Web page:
Greetings from St. John’s, Newfoundland! Before you delve into this article, I feel that I just make a confession: although I am indeed a proud member of the Canadian Peony Society, I am a relatively new member and I consider myself to be a “Gardener in Training”. I became involved with the CPS through my mother who is an avid peony grower. By “avid” I mean she has a garden with well over 100 varieties of peonies that include every shape, size and colour and even includes some tree peonies. Needless to say that as a new peony grower it’s a lot to live up to! I love gardening and growing beautiful peonies, but to date I must admit that I’m still learning.
My peony story dates back three years ago when I left Ontario and moved into a home of my own for the first time. Leaving the sunny skies of Southern Ontario, I drove for three grueling days and one ferry ride to arrive on this beautiful, foggy rock that we call Newfoundland. With my new home I inherited a few small gardens that were definitely in need of a little bit of tender loving garden care. The first spring in my new home, I immediately recognized those little red pointy shoots starting to pop out of the ground – a peony! ‘Mom will be so excited’ was my first thought. But as May passed and June was coming to a close, I thought for sure there was something wrong with my peony. It was only starting to form those perfect, globular buds. Knowing that peony season was in full force back home, I thought I had a failure. But patience is required for gardening, and by late in June I did have my peony open up and flower a gorgeous, rich magenta double bloom. How beautiful! My euphoria was short-lived: it was right after the first bloom that we had a bit of rain and my entire peony plant looked like it had been hit by a tidal wave. Those heavy blooms fell to the ground and made way for what looked like a hole in the centre of the plant. How sad to see those beautiful blooms lying in the dirt!
What I later found out through taking a course at the Memorial University Botanical Gardens in St. John’s, was that not only was my peony an “early bloomer” but it was also a heritage peony – Paeonia officinalis or 'Rubra Plena'. I think my look of complete confusion when I heard “early bloomer” was surprising to those who grew up in the area. Heritage peonies in Newfoundland were brought here by English settlers, likely prior to 1900. Women would hide small plants and roots and seeds in the hem of their skirts during the long journey across the ocean and plant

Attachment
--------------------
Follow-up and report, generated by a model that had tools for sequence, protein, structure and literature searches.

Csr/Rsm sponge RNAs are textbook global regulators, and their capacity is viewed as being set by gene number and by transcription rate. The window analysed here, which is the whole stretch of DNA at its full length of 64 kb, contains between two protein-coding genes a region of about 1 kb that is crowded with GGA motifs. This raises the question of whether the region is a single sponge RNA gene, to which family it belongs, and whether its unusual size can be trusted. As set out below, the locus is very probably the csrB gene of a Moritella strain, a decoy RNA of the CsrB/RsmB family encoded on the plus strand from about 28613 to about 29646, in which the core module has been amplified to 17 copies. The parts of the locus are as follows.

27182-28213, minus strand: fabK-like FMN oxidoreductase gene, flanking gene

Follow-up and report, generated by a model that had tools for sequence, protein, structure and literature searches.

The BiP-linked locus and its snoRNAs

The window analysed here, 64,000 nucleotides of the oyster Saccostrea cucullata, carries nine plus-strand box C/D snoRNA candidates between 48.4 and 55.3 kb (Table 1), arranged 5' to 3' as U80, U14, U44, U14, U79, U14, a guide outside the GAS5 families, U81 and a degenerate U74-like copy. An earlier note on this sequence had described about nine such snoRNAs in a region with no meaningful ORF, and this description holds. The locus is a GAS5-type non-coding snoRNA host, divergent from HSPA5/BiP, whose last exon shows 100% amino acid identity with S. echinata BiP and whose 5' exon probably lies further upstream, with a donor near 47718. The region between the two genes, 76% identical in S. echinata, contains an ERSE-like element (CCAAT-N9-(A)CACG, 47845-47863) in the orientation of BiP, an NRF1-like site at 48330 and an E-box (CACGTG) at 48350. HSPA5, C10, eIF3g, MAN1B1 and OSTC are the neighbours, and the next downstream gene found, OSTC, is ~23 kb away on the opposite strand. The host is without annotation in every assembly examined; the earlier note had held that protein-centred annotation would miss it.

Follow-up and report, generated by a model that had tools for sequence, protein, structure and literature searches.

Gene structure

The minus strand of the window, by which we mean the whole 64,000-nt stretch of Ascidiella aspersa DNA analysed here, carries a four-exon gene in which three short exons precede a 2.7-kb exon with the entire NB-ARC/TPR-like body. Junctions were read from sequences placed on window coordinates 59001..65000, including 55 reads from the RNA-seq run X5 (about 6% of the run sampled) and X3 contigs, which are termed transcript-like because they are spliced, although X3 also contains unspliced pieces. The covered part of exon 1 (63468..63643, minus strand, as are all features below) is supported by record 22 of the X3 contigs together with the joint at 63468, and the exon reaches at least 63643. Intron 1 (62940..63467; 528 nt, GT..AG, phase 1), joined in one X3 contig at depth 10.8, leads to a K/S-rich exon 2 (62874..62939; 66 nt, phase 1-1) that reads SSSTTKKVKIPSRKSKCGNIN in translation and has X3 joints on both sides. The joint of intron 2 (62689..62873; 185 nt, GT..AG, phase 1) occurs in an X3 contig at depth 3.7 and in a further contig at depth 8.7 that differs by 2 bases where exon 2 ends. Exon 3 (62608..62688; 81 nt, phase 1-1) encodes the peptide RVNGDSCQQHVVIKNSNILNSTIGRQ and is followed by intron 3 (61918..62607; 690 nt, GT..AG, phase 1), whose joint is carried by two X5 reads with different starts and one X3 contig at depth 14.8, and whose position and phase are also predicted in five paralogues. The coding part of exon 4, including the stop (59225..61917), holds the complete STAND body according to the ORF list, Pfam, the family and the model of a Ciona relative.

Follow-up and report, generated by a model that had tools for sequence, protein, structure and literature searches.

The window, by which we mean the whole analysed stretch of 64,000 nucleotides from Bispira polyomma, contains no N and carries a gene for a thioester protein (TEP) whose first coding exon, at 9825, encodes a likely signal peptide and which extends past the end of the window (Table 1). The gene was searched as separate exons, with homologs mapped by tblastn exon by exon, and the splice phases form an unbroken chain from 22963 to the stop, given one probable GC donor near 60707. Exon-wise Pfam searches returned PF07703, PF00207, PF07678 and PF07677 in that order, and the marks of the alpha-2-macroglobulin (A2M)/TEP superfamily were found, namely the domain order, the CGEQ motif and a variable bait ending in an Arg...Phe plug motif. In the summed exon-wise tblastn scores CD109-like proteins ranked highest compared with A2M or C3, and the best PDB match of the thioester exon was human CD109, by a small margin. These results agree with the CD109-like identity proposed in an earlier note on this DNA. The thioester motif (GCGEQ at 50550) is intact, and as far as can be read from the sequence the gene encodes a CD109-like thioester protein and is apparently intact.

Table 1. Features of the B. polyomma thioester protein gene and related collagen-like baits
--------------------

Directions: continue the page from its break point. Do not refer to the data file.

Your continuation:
them upon arrival so that they had a ‘little bit of home’ in their new home. What an interesting
concept! I must admit, I’m curious to know what the border authority might do to you today if they found you with plant specimens hidden in your clothing!
Heritage peonies in Newfoundland are distinct for a few reasons – 1) they bloom earlier than other peonies Newfoundland. Yes, “early” means late June/early July. My other peonies are usually mid-July bloomers; however, even in three years of living here I can see that this can vary widely. Part of the reason for the variation is due to our climate in St. John’s. I think the best quote I have heard about the St. John’s climate is that “there is no ‘usual’ weather”. Being on the coast, we have what is referred to as a ‘hyperoceanic’ climate, which means we are affected by the ocean currents but also by mainland North America. On many occasions I have seen weather go from sunny and 26 C one day to rain, drizzle and fog and 11 C the next day. We could have two straight weeks of fog and rain – in the middle of June. Spring can bring wild temperature swings and precipitation. Instead of a gradual warming leading up to summer, it in
seems more like a long period of temperatures consistently at 10 C and then a smack in the face when summer arrives one morning and it reaches 20 C. In the summer months, we still have cool evenings even when the days are warm, which can be a small problem for plant growth. Oh and did I mention the wind? Make sure your plants have some sort of a windbreak or you may lose them all together. All in all, a very different climate than where I grew up in Southern Ontario!
Something else that makes heritage peonies different is their size – they grow both up and out. I
have divided this peony three times in three years to keep it from overtaking the front of my house. It grows much taller than my other newer peonies. If I don’t stake it, it will fall to the ground with that tidal wave look I mentioned earlier. Yes, I also learned about staking through my visits at the botanical garden – what a great idea! No more tidal wave peony. The reason
(I am told) that newer peonies don’t grow as tall or spread as much is that we “young” gardeners don’t want to deal with dividing plants and staking. Apparently we want “hassle free” gardening. But don’t believe everything you hear, I wouldn’t trade my heritage peony for any other peony in any modern plant nursery.
One last problem that we contend with in Newfoundland is our soil. Most of the island of Newfoundland has naturally acidic soil – great for rhododendrons and azaleas, but not so great for peonies. The low pH affects nutrient availability, which can restrict the growth of most plants.
For plants to thrive there is one solution: add lime, then add lime and then add some more lime!
But what is the best thing about heritage peonies? They have grown here for over a century and
so are accustomed to our soil and our climate, making it (relatively) easy on a new gardener like myself.